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EUROPEAN JOURNAL OF PHYSICAL AND REHABILITATION MEDICINE
A Journal on Physical Medicine and Rehabilitation after Pathological Events
Official Journal of the , , , ,
In association with
Indexed/Abstracted in: CINAHL, Current Contents/Clinical Medicine, EMBASE, PubMed/MEDLINE, Science Citation Index Expanded (SciSearch), Scopus
Impact Factor 2,063
European Journal of Physical and Rehabilitation Medicine 2012 September;48(3):413-21
Diaphragmatic breathing exercises and pelvic floor retraining in children with dysfunctional voiding
Zivkovic V. 1, Lazovic M. 2, Vlajkovic M. 3, Slavkovic A. 4, Dimitrijevic L. 1, Stankovic I. 1, Vacic N. 4 ✉
1 Clinic of Physical Medicine, Rehabilitation and Prosthetics, Clinical Centre Nis, Nis, Serbia;
2 Rehabilitation Institute Belgrade, Belgrade, Serbia;
3 Department of Nuclear Medicine, Clinical Centre Nis, Nis, Serbia;
4 Clinic of Paediatric Surgery, Clinical Centre Nis, Nis, Serbia
BACKGROUND: Dysfunctional voiding (DV) in neurologically normal children is characterized by involuntary intermittent contractions of either the striated muscle in external urethral sphincter, or the pelvic floor during voiding. Urinary incontinence, pelvic holding maneuvers, voiding difficulties, urinary tract infections (UTIs), constipation and vesicoureteral reflux are highly associated with DV.
AIM: To investigate the role of abdominal and pelvic floor muscle (PFM) retraining in children with DV.
DESIGN: Prospective clinical controlled study
SETTING: Outpatient clinical facility
POPULATION: Forty-three children, 5-13 years of age, with dysfunctional voiding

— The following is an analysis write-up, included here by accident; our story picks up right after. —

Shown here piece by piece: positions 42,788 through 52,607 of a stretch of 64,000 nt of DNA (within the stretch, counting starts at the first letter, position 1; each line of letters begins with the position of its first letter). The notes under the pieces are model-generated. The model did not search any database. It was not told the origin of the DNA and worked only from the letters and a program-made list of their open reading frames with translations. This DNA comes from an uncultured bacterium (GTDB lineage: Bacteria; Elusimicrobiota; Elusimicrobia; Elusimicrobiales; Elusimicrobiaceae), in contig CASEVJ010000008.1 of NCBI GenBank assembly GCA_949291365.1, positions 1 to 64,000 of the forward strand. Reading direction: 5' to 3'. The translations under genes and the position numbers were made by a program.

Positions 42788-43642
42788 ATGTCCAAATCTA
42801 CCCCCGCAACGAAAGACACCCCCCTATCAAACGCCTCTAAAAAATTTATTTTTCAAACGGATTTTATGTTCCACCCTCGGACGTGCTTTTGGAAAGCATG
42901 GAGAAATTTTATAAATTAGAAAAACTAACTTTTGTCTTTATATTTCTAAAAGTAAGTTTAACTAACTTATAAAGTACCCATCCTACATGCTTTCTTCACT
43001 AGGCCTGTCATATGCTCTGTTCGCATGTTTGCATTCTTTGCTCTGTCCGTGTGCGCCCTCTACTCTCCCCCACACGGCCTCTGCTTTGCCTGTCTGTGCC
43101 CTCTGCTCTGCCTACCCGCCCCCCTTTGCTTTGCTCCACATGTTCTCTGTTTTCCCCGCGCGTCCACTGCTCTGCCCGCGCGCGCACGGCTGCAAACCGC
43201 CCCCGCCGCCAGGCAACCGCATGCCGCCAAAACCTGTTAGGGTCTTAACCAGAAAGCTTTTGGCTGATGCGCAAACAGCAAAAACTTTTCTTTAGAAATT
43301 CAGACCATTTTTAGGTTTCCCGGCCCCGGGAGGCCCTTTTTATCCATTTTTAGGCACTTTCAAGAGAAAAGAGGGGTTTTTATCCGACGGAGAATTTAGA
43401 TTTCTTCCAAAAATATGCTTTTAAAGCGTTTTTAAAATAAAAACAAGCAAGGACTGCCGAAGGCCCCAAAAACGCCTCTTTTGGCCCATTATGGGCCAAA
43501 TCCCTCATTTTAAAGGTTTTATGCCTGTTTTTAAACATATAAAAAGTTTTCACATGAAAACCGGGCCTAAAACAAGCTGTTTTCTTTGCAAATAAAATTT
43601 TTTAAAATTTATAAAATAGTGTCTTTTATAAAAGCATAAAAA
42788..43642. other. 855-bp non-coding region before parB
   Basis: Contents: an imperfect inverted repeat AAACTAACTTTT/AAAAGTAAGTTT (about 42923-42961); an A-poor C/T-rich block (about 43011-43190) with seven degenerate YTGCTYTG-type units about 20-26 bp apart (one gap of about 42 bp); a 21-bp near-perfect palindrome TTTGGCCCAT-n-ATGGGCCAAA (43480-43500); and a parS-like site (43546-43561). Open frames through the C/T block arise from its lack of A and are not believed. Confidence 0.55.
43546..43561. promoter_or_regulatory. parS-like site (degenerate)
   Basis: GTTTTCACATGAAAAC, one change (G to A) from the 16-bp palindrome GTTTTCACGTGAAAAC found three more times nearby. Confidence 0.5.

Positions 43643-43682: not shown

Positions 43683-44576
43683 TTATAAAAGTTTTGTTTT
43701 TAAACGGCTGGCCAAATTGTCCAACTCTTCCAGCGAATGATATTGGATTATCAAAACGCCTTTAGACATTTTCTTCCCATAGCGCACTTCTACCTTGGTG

METHODS: In addition to standard urotherapy (education, timed voiding, adequate fluid intake, voiding posture and pattern, constipation management and hygiene issues), children were assigned abdominal and PFM retraining. Diaphragmatic breathing exercises were done in lying and sitting positions, for the purpose of achieving abdominal muscle relaxation. PFM retraining consisted of low-level three-second contractions followed by thirty-second relaxation periods. Selected children received pharmacotherapy (anticholinergics or desmopressin). Recurrent symptomatic UTIs were treated with antibiotic prophylaxis. Uroflowmetry with PFM electromyography and ultrasound residual urine volumes were obtained before and at the end of the 12-month treatment period. Clinical manifestations and uroflowmetry parameters were analysed before and after the therapy.
RESULTS: After one year of therapy, urinary incontinence was cured in 20 out of 24 patients (83%), nocturnal enuresis in 12 out of 19 children (63%), while 13 out of 19 children (68%) were UTI free. All 15 patients recovered from constipation. Post-treatment uroflowmetry parameters showed significant improvements and a bell-shaped curve was observed in 36 out of 43 children.
CONCLUSION: In combination with standard urotherapy, abdominal and pelvic floor muscle retraining is beneficial for curing urinary incontinence, nocturnal enuresis and UTIs in children with DV, as well as for normalizing urinary function. Further trials are needed to define the most effective treatment program which would result in the best treatment outcome.
CLINICAL REHABILITATION IMPACT: To improve clinical and objective treatment outcome in dysfunctional voiders. Diaphragmatic breathing and pelvic floor muscle exercises are simple and easy to learn and could be assigned to children aged 5 or older. As they do not require special equipment, they can be performed at all health care levels.